So we all know that a prime number has only two factors, being one and itself? A first attempt at writing a function to tell if a given number is prime might look like this:

```
constexpr bool isPrime(int n) {
for (int i = 2; (i * i) < n; ++i) {
if (!(n % i)) {
return false;
}
}
return true;
}
```

The structure is straightforward, we loop over the semi-open range [2,**√***n*) and break on the first occurrence (if any) of the loop counter being a factor of *n*.

However this is inefficient as non-prime numbers are needlessly checked for being factors, to avoid this we would need a list of prime numbers handy, again up to **√***n*. (We’ve also restricted ourselves to checking `int`

s.) Of course, being C++ programmers we don’t say *global state*, we say *data encapsulated by a class*. Here is a sketch of a suitable class:

```
template <typename T>
class Primes<T> {
vector<T> primes_cache{ 2, 3, 5, 7, 11 /* ... */ };
public:
bool isPrime(T n) {
for (const auto& p : primes_cache) {
if (!(n % p)) {
return false;
}
if ((p * p) >= n) {
return true;
}
}
throw runtime_error("Insufficient primes in cache");
}
};
```

Here we loop over the `primes_cache`

vector using a range-for loop, again checking for factors. Importantly, we use a *generic class* introduced with the `template`

keyword; a correct definition of a Primes object would thus be:

```
Primes<unsigned> primes{};
```

A way to use the single member function would be:

```
bool twenty_five_isprime = primes.isPrime(25);
```

However we’re still not done, as we need a way to populate the cache as needed to avoid throwing an exception. To avoid code duplication, this would need to call `isPrime()`

which could result in infinite recursion if we’re not careful. Here is a program which demonstrates the complete class:

```
#include <vector>
#include <stdexcept>
#include <iostream>
using namespace std;
template <typename T = unsigned>
class Primes {
vector<T> primes_cache{ 2, 3 };
typename vector<T>::size_type cache_step;
void generate(typename vector<T>::size_type step) {
auto new_size = primes_cache.size() + step;
auto p = primes_cache.back();
while (primes_cache.size() < new_size) {
if (isPrime(++p, false)) {
primes_cache.push_back(p);
}
}
}
public:
Primes(typename vector<T>::size_type step = 1000)
: cache_step{ step } {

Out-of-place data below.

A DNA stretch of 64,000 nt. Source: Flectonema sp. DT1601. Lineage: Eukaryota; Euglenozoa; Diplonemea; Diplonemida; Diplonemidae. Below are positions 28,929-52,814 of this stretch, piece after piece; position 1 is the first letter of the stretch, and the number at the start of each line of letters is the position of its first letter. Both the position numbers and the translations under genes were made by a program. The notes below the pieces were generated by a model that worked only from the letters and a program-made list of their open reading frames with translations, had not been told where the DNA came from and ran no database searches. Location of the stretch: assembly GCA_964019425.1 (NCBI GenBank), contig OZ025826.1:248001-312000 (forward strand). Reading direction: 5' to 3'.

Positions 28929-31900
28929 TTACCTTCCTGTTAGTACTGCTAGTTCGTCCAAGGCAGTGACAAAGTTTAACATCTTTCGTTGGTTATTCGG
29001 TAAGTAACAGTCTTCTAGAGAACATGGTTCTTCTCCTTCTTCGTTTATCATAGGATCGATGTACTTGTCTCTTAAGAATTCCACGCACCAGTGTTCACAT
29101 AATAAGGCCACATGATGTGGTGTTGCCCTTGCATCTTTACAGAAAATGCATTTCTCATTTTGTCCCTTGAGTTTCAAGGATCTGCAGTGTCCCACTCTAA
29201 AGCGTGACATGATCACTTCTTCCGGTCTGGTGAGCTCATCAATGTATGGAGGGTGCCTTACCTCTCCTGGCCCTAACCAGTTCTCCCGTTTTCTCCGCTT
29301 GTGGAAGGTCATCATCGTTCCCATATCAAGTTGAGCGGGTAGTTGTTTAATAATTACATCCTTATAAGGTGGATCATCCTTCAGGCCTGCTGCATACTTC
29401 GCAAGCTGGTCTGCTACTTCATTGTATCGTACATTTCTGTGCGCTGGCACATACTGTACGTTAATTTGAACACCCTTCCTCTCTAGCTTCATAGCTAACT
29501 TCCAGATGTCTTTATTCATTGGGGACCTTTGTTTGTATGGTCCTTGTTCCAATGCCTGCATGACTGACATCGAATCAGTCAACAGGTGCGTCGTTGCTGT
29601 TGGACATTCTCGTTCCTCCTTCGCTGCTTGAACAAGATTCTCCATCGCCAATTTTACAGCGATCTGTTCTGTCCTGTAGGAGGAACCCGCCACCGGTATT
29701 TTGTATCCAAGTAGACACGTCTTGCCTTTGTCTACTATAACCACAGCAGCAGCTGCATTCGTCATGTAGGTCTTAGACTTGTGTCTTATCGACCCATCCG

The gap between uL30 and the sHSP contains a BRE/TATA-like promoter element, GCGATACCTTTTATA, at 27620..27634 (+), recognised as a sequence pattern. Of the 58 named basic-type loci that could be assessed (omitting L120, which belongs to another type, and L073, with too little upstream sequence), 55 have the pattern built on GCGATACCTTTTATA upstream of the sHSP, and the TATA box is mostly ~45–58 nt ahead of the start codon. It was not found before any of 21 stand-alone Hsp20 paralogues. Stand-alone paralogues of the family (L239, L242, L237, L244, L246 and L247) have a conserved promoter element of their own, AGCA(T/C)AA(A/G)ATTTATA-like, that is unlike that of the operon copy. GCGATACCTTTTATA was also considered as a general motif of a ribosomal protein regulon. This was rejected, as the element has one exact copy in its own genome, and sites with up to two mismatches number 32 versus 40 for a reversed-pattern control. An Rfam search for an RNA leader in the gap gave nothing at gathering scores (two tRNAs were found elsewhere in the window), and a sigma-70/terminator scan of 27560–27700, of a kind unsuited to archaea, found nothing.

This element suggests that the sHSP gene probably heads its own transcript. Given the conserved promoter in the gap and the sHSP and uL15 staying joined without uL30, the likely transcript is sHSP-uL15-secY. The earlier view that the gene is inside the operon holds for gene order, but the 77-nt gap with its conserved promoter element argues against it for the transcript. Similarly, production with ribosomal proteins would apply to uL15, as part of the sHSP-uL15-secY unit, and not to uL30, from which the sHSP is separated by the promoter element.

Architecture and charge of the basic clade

generate((step > 2) ? step - 2 : step);
}
template <typename U>
bool isPrime(const U& n, bool gen = true) {
while (gen && ((primes_cache.back() * primes_cache.back()) <= n)) {
generate(cache_step);
}
for (const auto& p : primes_cache) {
if (!(n % p)) {
return false;
}
if ((p * p) >= n) {
return true;
}
}
throw runtime_error("Insufficient primes in cache");
}
};
int main() {
Primes<unsigned long long> primes{};
for (unsigned i = 2; i < 200; ++i) {
if (primes.isPrime(i)) {
cout << i << ' ';
}
}
cout << '\n';
}
```

Line 10 sets the default type for the primes cache; note this can be different from the type of the number being checked which is line 28. Lines 14-22 define a new private member function called `generate()`

which populates the primes cache, calling `isPrime()`

as needed with the generate flag set to false. Lines 29-42 are similar to code seen before, with `primes_cache.back()`

being the value of the largest prime in the cache.

For maximum safety (that is, minimal risk of integer overflow) **no types** are hardcoded into the definition of this class, in particular the local variables are declared `auto`

and `cache_step`

uses type `vector<T>::size_type`

. This is good C++ practice, and something you should emulate in your own code; any incompatibilities can most likely be resolved at compile-time. Of course, we are free to use arbitrary precision number types instead of `unsigned`

or `unsigned long long`

, but while correct these will probably not be useful in practice with current hardware as they will be too slow.

The other consideration is multithreading: this class is not thread safe as there are no checks against writing to `primes_cache`

. This could be solved quite easily using a mutex member variable and a lock guard for the while-loop in the `generate()`

function, thus allowing multiple threads to call `isPrime()`

and potentially achieving quicker performance on multi-core machines.

If you’re interested in creating a list of known primes another way, there is the Sieve of Eratosthenes which could be a use case for `std::vector<bool>`

. Of course, it is always good practice to benchmark against an alternative method with regards to space and time.

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